And that’s the challenge with self-sabotage. It’s not only about holding an individual back from getting ahead, but also can impact the role they are already in.
These are the ways to combat that silence.
1) Learn to love to F.A.I.L.
F.A.I.L. = First Attempt In Learning.
As the old saying goes, “If at first you don’t succeed, try and try again.” The most successful individuals have failed multiple times.
No matter how many times I have seen all the written, have said it to others, have tried to motivate people around me in the workplace, for someone with Imposter Syndrome it falls on deaf ears.
The fear of failure holds them back. The fear of being discovered as a fake or phony holds them back. Fear, fear, fear creates a loop of not moving forward in a goal, not realizing a dream. And the cycle can produce something worse.
So, learn to love to FAIL. Think of ways you can! Volunteer to work on a new, innovative project. Try speaking up at a meeting you normally do not speak up at. Apply for a job even if you believe you are only partially qualified.
2) Self-sabotage is a bad habit. Develop good habits instead.
The pattern of self-sabotage doesn’t occur overnight. It often is years in the making – a habit developed to protect us from perceived dangers. The problem is that it can become the danger itself.
We become accustomed to holding back, not leaning into our strengths, and focusing on our weaknesses. We become used to the negative self-talk and believe it. We become comfortable with the way things are instead of creating a vision and goals to achieve our dreams.
Just as breaking a bad habit takes time, developing a good one may take even longer.
Start with small steps. Know your strengths. Document them, ask others around you to tell you about them, or take an assessment to prove them. And review them – every day.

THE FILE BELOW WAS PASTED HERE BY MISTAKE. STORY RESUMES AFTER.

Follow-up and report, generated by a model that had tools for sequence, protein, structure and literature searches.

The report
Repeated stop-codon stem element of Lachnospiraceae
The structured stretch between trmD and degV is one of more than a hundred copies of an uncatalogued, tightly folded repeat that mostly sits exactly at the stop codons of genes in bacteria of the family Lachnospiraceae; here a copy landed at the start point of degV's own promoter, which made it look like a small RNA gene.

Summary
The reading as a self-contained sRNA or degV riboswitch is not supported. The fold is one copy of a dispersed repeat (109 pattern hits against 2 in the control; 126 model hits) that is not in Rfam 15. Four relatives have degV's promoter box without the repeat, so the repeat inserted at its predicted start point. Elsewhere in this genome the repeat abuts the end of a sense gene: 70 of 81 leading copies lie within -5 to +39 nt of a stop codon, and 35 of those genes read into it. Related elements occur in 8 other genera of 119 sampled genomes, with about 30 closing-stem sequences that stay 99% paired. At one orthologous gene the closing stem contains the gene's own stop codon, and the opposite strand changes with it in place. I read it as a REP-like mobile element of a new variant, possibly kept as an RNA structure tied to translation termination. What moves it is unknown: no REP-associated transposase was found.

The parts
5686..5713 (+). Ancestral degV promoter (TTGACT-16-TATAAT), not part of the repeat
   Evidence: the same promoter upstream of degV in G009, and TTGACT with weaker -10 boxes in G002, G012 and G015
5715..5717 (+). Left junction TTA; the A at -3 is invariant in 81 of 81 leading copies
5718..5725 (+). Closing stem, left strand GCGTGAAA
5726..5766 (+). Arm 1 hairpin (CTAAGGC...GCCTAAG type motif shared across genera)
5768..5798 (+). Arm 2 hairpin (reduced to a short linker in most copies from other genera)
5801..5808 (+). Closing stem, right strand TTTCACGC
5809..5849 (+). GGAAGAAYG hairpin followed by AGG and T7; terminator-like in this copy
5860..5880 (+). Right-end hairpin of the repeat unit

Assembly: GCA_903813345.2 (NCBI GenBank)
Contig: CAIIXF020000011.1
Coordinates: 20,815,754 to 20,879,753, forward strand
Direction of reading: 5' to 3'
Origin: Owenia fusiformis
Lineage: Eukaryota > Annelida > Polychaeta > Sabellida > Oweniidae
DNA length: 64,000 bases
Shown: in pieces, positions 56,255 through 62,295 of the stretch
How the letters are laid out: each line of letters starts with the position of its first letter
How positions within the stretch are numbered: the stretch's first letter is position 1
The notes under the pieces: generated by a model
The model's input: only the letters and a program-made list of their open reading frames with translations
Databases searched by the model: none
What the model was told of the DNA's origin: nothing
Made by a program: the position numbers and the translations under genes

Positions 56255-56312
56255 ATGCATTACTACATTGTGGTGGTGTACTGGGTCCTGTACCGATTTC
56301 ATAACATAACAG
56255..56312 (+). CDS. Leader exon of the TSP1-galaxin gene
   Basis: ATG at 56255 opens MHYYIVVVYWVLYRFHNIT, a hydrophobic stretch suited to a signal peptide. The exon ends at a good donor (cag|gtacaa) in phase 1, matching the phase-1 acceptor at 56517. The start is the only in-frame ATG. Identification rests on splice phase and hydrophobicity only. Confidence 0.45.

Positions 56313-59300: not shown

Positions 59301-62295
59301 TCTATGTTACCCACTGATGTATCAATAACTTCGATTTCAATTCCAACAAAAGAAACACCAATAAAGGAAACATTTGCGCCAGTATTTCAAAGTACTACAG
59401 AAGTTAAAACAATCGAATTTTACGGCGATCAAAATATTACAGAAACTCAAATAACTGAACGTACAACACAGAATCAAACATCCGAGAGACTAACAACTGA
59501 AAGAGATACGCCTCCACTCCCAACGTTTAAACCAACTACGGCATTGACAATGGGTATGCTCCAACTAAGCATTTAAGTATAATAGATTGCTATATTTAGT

Spend 5 minutes a day reviewing them and thinking about how they show up in the workplace, as well as how you can showcase these strengths to others.
3) Talk to yourself the way you would speak to your best friend.
Would you tell your best friend that they are a fake and phony even though they showcase several accomplishments and accolades? Would you tell them not to go after their dreams of success? Would you tell them to hold back and choose comfort over progress?
Then why talk to yourself like this? Try shifting your mindset with a coaching technique we call appreciative inquiry.
Appreciative inquiry is a strengths based, positive approach to exploring a problem by recalling a similar problem in the past and remembering what you have successfully done to solve it using natural strengths.
So, when self-sabotage starts creeping in, talk to yourself the way you would with a best friend. Ask, “when have I countered a similar issue and what has worked well for me?” Draw on the positive experiences you have had to counteract the negative one you are faced with.
4) Hire an executive coach.
Self-sabotage is a challenging by-product of Imposter Syndrome and can be a tough pattern to break.
An executive coach can be a strong guide to provide and help support effective strategies such as creating a more positive mindset, more positive habits, and more positive self-talk.
There isn’t any facet of Imposter Syndrome that I haven’t faced, including self-sabotage. I have overcome it, and I can show you how to as well.
Aashi Arora, MHA, ACC